The pairing for this dish was the Croft 10 Year Tawny Port ($26.99) and Croft is the oldest still existing Port House. This Port was a bit darker in color than the previous Fonseca, with a similar aroma though with a bit more dominant fruit. It felt bigger and fuller in the mouth, with more sweetness though it still was at a mild level. The flavors were complex, with subtle nuttiness, and the tannins were slightly more prominent. The ten additional years of aging of the Fonseca do make a difference. This pairing also worked for me, and I think the combination of the sweet glaze and sweetness of the Port complemented each other. What helped was that the Port was not overly sweet, and I would now consider pairing Ports with sweet dishes.

The last savory course was Hickory Wood-Grilled Lamb Shoulder with Mole Poblano and Grilled Corn Cakes. Mole Poblano, which is of Mexican origin, contains numerous ingredients, including chile peppers, nuts and chocolate. The pairing idea was that as Port and chocolate are considered a good match, then the chocolate in the mole would make a match too. The lamb was tender with that distinctive and delicious taste of lamb. The mole was a rich sauce that complemented the slight gamey nature of the lamb, and it was more earthy and savory, rather than spicy so they must have been light with the chile peppers.

The Fonseca Late Bottled Vintage Port 2005 ($22.99) is a traditional style, meaning it is unfiltered. Taylor Fladgate developed the Late Bottled Vintage (LBV) style in the 1950s, trying to create a vintage style Port you could drink young. So, basically a LBV contains grapes from only a single vintage but it is not a declared vintage Port. Yes, it seems a bit confusing so just remember that a LBV is good to drink young, and usually is less expensive than a Vintage Port. This Fonseca had a dark and opaque purple color with a nose dominated by black fruits. It was full bodied, with stronger tannins and powerful flavors of black fruits and raisins. It was also sweeter than all of the previous Ports.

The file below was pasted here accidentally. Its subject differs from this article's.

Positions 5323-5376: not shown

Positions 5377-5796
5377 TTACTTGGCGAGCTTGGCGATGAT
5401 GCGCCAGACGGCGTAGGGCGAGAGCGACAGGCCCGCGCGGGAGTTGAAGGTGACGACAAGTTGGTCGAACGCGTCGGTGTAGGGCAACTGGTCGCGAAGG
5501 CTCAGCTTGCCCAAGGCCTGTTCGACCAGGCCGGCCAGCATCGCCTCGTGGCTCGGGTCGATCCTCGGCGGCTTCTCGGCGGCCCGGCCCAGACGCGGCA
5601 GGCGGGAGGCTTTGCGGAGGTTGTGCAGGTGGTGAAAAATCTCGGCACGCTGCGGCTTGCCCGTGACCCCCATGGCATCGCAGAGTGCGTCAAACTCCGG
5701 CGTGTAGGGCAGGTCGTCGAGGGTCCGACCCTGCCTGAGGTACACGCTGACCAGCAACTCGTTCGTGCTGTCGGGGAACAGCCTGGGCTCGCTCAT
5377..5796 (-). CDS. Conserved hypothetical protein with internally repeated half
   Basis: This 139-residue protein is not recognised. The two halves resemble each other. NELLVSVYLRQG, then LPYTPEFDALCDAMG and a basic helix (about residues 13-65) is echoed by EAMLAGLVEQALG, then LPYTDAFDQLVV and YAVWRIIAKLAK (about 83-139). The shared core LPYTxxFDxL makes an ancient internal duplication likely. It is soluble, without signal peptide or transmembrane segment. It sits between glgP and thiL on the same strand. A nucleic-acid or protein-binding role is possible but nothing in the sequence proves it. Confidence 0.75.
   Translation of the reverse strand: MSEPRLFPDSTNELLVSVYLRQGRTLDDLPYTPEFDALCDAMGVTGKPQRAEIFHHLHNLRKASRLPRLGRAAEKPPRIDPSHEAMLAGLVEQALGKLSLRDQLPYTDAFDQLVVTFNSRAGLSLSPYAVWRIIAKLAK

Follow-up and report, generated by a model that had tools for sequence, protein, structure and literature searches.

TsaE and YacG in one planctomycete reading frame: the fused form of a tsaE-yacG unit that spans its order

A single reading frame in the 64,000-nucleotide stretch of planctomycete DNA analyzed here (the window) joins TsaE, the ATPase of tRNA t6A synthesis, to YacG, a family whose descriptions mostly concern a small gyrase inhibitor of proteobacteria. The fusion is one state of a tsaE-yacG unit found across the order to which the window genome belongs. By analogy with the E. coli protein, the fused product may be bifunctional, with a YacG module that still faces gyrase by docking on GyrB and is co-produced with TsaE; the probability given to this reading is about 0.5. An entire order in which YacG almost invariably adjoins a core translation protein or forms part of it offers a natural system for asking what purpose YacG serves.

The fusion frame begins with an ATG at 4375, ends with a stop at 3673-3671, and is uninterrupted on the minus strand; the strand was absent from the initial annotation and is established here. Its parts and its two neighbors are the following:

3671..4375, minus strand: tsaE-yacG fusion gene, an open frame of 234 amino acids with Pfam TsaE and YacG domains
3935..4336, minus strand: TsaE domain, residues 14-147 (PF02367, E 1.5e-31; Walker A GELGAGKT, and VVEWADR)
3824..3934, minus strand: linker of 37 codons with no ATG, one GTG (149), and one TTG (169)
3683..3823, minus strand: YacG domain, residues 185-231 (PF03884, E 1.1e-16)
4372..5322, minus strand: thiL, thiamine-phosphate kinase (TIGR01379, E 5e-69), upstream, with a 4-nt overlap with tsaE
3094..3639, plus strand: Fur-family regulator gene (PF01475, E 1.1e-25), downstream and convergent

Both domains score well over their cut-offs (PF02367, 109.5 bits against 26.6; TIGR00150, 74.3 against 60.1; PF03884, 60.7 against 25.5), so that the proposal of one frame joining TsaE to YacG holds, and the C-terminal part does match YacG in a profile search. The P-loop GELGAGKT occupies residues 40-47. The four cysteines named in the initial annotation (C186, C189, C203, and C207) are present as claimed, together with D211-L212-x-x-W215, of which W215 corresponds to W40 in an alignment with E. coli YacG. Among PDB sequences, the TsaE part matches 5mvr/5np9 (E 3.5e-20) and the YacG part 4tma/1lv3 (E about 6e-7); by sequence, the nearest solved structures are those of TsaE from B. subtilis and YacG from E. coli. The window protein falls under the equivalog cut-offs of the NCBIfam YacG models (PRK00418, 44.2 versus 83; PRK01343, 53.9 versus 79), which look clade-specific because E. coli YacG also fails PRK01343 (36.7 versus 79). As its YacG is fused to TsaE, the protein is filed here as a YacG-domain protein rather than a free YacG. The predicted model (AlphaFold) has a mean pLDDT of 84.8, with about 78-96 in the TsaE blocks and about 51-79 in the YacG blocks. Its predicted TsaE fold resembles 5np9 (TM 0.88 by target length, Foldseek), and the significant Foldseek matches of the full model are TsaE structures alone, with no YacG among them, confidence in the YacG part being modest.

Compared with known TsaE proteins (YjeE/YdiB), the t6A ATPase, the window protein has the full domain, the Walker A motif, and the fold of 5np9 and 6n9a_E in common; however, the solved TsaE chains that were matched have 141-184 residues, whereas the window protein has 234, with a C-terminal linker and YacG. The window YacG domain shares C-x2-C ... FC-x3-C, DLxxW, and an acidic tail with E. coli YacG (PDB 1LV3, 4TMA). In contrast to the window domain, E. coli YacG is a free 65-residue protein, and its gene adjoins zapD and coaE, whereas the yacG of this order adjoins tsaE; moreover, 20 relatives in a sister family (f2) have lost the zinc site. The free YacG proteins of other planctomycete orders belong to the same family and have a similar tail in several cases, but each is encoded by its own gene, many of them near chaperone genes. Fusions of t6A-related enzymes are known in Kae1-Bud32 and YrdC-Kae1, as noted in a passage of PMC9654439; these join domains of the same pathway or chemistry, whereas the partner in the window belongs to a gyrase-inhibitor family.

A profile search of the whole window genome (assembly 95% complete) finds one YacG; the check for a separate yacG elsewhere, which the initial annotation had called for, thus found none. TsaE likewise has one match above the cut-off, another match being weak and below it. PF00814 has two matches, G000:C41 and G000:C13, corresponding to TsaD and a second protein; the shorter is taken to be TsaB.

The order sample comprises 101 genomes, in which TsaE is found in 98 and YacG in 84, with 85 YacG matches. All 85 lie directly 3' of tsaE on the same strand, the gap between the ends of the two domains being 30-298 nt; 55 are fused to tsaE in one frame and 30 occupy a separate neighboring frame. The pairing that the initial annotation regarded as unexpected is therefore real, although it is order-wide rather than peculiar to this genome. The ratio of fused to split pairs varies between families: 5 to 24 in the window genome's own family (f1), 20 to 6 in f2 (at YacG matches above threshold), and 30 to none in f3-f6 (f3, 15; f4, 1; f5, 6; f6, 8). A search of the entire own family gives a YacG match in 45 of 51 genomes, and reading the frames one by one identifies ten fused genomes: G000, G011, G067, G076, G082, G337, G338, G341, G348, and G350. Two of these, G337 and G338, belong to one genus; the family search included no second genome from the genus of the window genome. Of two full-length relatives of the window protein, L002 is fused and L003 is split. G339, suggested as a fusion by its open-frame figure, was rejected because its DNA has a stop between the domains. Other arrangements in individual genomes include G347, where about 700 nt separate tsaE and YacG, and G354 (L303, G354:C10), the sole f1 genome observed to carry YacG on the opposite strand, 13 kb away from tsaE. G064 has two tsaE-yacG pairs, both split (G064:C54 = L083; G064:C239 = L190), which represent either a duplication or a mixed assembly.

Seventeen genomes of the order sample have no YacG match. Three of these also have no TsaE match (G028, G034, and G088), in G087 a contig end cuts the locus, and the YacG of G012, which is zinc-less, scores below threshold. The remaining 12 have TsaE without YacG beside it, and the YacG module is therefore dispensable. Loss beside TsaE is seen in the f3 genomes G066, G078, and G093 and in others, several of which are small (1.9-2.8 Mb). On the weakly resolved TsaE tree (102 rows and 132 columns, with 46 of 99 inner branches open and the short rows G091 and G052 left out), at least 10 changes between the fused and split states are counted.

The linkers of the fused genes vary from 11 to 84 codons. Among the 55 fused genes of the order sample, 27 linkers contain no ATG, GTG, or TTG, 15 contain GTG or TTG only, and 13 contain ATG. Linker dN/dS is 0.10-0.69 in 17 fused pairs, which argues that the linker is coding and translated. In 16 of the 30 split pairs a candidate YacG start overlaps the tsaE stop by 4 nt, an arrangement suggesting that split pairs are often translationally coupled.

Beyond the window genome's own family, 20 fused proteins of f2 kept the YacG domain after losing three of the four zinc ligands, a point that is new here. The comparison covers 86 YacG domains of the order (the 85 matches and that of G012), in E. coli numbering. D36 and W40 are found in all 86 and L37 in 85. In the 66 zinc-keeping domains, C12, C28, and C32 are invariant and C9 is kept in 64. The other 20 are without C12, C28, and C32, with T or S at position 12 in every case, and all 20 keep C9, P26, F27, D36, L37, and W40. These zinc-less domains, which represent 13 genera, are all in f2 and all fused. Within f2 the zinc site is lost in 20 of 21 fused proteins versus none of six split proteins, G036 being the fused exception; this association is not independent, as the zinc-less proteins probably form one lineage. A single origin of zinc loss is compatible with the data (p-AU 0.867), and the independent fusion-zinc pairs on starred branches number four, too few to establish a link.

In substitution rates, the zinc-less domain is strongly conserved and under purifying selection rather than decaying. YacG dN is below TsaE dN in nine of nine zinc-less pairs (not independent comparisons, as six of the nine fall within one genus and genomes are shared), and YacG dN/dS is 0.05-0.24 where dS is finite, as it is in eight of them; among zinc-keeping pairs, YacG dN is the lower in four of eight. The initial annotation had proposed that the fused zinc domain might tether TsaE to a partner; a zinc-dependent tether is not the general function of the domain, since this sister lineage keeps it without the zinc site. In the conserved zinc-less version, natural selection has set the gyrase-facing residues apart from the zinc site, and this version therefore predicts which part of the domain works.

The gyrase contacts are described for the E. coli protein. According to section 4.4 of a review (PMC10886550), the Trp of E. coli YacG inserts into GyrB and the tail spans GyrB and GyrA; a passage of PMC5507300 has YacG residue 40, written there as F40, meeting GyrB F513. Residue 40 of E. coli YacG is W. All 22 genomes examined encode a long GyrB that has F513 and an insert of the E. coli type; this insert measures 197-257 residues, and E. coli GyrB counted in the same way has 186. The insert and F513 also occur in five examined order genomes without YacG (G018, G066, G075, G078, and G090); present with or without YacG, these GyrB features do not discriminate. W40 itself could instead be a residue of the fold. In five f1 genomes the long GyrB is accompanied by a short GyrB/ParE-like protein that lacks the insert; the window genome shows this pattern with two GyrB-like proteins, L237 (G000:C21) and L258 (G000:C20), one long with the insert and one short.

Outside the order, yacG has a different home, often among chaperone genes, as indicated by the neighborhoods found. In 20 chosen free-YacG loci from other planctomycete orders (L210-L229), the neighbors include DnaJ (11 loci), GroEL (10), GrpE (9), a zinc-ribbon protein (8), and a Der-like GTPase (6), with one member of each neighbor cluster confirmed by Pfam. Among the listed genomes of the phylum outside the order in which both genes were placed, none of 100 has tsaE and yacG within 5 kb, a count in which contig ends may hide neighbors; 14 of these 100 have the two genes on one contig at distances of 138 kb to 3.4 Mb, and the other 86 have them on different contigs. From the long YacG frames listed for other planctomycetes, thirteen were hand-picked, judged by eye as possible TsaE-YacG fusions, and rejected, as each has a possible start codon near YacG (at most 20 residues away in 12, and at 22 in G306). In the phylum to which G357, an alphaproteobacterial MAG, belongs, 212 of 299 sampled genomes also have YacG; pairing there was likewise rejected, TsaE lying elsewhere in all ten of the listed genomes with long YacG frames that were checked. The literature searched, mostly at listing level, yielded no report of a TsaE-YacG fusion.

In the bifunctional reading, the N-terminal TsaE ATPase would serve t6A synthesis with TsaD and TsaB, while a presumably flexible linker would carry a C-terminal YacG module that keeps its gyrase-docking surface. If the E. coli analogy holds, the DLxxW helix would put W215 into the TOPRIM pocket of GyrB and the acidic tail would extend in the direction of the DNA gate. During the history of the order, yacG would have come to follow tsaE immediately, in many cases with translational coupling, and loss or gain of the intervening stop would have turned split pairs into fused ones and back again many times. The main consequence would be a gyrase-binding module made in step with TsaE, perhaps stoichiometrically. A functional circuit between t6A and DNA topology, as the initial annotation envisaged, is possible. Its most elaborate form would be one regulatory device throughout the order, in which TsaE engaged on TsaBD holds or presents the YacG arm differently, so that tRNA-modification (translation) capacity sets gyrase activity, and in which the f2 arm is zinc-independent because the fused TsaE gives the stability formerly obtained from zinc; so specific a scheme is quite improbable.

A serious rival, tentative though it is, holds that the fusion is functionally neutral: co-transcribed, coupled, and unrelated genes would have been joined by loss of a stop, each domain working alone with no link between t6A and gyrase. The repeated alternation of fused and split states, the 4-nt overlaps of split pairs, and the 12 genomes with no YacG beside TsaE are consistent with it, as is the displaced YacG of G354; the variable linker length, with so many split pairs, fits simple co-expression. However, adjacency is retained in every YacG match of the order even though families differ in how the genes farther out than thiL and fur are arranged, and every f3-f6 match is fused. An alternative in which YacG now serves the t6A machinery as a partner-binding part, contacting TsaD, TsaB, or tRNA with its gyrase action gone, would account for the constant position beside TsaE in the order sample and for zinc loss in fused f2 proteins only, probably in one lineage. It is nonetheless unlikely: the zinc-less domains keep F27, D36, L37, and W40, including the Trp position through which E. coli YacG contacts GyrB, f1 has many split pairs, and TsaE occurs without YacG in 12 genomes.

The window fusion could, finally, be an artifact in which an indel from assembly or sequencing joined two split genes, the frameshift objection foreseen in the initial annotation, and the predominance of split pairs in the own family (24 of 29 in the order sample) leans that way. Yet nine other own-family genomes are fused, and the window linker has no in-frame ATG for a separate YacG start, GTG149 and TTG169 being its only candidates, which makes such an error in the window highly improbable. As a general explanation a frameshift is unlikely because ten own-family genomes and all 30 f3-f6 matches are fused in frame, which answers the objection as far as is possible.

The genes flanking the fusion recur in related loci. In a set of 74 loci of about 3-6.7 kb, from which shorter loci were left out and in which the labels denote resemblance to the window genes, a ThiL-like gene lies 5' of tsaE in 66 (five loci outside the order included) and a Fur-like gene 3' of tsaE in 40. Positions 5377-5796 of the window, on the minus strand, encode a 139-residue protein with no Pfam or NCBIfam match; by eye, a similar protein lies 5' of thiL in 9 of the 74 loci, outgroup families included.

Once again, this was a nice pairing, with the Port flavors going well with the rich mole sauce and its chocolate flavors. I think the pairing might have even be better if the mole had more spiciness, as the Port's sweetness would have been a good contrast. As mole is a versatile sauce, I could see other dishes using mole also pairing well with Ports.

For dessert, they went with a classic pairing, Port and Chocolate. We were served a Warm Chocolate Pudding Cake with roasted walnuts and a Colombian dark chocolate sauce. The cake was fluffy and light, with plenty of rich chocolate flavor that was accented nicely with the salt from the walnuts. A chocolate lover's treasure.

The final port of the evening was the Taylor Fladgate Vintage Port 2000, which is just starting to come into its own and will continue to age for many years to come. It was a dark purple in color, though lighter at the edges. It had more black fruit aromas which also came out prominently on the palate, along with raisins and subtle spices. 2000 was considered a "magical" vintage, one of the best in recent times. It was an elegant Port, with a long and satisfying finish.  Taylor is considered the "Latour" of the Douro, producing classic Ports. With the chocolate, it enhanced the experience, a fine ending to a delicious dinner.  

I was pleased to see how Port could pair with more than chocolate and blue cheese, and it gave me much to ponder. Food and wine pairing can be an art and it is always interesting to try something different from the norm. Not enough Port is consumed in the U.S., but if more people learn how to pair meals with Port, maybe that will change. If you have paired Port with dinner, please tell me about the pairing in the comments.


Dominic said...

Great article. I always struggle with port and blue cheese as a wine / food pairing and prefer to drink port on its own at the ends of a meal. Two very interesting pairings I have had recently have been high quality (70% cocoa solids or more) dark chocolate and young LBV. I tried with Niepoort 2007 LBV and the combination is fantastic, the chocolate really empahasises the red fruit, particularly cherry / kirsch flavours in the Port. The other pairing I have tried a couple of times is, this was a tip from Dirk Niepoort himself, young vintage port (a couple of years from vintage) and a really thick peppered steak. It works very well.

Richard Auffrey said...

Thanks very much Dominic for your comments and contribution. The steak pairing is very intriguing.

Jack said...

I wonder if you could provide the name of the chef(s) of the food at this pairing. All of the food looked very good. I am especially interested in the mole poblano and grilled corn cakes.

Richard Auffrey said...

Sorry, I don't have the name of the chef but if you contact the restaurant I am sure they can tell you.